The basic objectives of the FmHA program are enunciated in 7 CFR § 1822.2:
The basic objective of the Farmers Home Administration (FmHA) in making Section 502 loans is to assist farmowners and other persons who will live in rural areas to obtain decent, safe, and sanitary dwellings and related facilities. The purpose of the loan is to give families, who do not have sufficient resources to provide such dwellings and related facilities on their own account and cannot obtain the necessary credit from other sources on terms and conditions they can reasonably expect to meet, an opportunity to have adequate homes. (Emphasis added.)
It is clear that in making these loans available to low-income rural inhabitants, the government sought only to provide them with an opportunity to obtain decent housing not otherwise open to them in the private sector. The government did not intend to make itself an insurer of the quality of the workmanship or structures funded with the loan proceeds.
As a condition of making a loan, the FmHA must perfect a security interest in the dwelling built or purchased, 7 CFR § 1822.10, and the amount of the loan is limited by the market value of that security. 7 CFR § 1822.7(3). Thus, the FmHA assumes the position of a mortgagee of the property. It follows that the government would have a strong interest in ensuring *515 that the value of its security would remain adequate to cover the balance of the loan in the event of default by the borrower, especially in view of the risks inherent in the program. The supervision of the building process mandated by the regulations serves this function, and, as the government argues, any benefit to the borrower is purely incidental. In fact, the regulation calling for final inspection by the County Supervisor provides that he should be "accompanied by the borrower when practicable." 7 CFR § 1804.4(g) (1).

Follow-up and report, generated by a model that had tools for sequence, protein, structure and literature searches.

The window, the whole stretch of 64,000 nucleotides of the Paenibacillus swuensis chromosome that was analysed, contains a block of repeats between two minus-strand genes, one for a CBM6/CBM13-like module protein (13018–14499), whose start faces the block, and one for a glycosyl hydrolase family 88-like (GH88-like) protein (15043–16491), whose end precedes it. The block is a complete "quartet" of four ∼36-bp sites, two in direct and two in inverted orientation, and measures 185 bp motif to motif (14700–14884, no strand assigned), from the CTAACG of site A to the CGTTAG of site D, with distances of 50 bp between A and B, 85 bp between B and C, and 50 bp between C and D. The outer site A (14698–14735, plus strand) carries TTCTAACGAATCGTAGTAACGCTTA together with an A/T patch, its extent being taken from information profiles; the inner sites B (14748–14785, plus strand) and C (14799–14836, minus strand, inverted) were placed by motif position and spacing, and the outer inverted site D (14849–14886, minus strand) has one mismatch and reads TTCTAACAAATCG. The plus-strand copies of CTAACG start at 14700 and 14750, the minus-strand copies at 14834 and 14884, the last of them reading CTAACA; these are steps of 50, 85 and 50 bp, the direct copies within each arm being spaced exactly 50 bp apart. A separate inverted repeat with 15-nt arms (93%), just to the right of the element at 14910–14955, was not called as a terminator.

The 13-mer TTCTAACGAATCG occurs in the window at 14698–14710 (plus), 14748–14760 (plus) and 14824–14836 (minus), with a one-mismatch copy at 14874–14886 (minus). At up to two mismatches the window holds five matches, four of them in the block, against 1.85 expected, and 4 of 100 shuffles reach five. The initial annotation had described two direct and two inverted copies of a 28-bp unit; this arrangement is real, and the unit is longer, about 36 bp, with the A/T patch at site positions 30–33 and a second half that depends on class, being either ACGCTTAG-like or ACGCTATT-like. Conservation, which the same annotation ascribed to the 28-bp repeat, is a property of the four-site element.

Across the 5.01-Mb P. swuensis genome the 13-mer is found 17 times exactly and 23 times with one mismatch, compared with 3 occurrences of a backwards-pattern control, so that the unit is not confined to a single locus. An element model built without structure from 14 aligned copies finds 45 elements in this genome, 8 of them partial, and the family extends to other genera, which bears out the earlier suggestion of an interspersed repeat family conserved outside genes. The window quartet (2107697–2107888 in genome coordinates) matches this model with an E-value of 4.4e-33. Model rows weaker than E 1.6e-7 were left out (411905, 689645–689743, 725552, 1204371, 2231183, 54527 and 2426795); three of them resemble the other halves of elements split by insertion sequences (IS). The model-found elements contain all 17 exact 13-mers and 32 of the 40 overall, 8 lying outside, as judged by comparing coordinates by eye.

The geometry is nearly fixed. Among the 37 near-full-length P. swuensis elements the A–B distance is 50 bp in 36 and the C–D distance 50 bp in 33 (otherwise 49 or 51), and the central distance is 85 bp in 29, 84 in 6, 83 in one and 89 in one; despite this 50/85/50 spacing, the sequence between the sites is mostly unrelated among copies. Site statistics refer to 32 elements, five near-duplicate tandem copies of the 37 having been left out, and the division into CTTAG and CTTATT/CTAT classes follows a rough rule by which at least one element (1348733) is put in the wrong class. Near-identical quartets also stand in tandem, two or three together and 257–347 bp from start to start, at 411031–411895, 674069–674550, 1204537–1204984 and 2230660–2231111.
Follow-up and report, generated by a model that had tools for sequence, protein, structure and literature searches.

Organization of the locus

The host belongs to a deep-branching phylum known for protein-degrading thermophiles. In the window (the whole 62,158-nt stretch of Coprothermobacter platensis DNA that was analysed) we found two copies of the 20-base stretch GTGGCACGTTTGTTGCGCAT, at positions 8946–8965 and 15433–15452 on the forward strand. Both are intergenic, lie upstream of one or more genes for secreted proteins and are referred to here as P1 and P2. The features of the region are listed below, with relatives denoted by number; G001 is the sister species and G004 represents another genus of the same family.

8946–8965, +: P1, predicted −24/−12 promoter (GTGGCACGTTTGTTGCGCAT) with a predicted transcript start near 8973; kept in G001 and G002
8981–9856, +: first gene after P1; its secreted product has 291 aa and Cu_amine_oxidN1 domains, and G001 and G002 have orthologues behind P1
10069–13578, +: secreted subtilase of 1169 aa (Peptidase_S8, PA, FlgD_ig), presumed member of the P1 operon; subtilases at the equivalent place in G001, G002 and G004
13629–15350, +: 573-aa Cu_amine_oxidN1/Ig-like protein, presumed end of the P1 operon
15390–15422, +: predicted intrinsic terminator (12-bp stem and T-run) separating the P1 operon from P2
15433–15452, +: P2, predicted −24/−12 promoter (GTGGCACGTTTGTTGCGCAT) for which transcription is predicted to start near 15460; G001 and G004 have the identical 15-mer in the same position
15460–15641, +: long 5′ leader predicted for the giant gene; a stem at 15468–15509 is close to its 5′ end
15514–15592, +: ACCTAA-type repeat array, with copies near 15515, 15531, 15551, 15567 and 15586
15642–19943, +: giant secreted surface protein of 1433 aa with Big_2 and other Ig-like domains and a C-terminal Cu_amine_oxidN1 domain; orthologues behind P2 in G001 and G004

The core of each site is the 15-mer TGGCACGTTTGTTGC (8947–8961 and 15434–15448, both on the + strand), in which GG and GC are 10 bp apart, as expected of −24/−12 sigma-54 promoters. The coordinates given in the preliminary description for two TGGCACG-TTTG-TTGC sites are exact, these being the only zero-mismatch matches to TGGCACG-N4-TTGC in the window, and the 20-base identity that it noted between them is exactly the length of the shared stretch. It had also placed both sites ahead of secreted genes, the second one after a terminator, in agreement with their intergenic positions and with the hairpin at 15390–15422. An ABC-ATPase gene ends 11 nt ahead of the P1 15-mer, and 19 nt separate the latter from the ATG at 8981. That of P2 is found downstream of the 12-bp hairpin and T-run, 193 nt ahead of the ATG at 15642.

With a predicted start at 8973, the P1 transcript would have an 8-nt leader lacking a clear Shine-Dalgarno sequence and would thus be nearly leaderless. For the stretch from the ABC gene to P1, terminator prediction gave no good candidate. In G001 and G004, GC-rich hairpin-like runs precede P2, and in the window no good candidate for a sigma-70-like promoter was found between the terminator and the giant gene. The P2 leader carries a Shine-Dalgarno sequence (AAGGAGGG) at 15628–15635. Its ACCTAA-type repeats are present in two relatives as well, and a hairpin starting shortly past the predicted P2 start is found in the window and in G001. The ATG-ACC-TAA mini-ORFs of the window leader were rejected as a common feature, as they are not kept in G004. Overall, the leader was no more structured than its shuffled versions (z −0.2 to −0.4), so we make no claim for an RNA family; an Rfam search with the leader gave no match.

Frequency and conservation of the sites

To hold the FmHA liable for the shoddy work of the contractor would be tantamount to making a mortgagee the warrantor of the quality of its security. Plaintiff has cited no authority for this proposition, nor have we found any.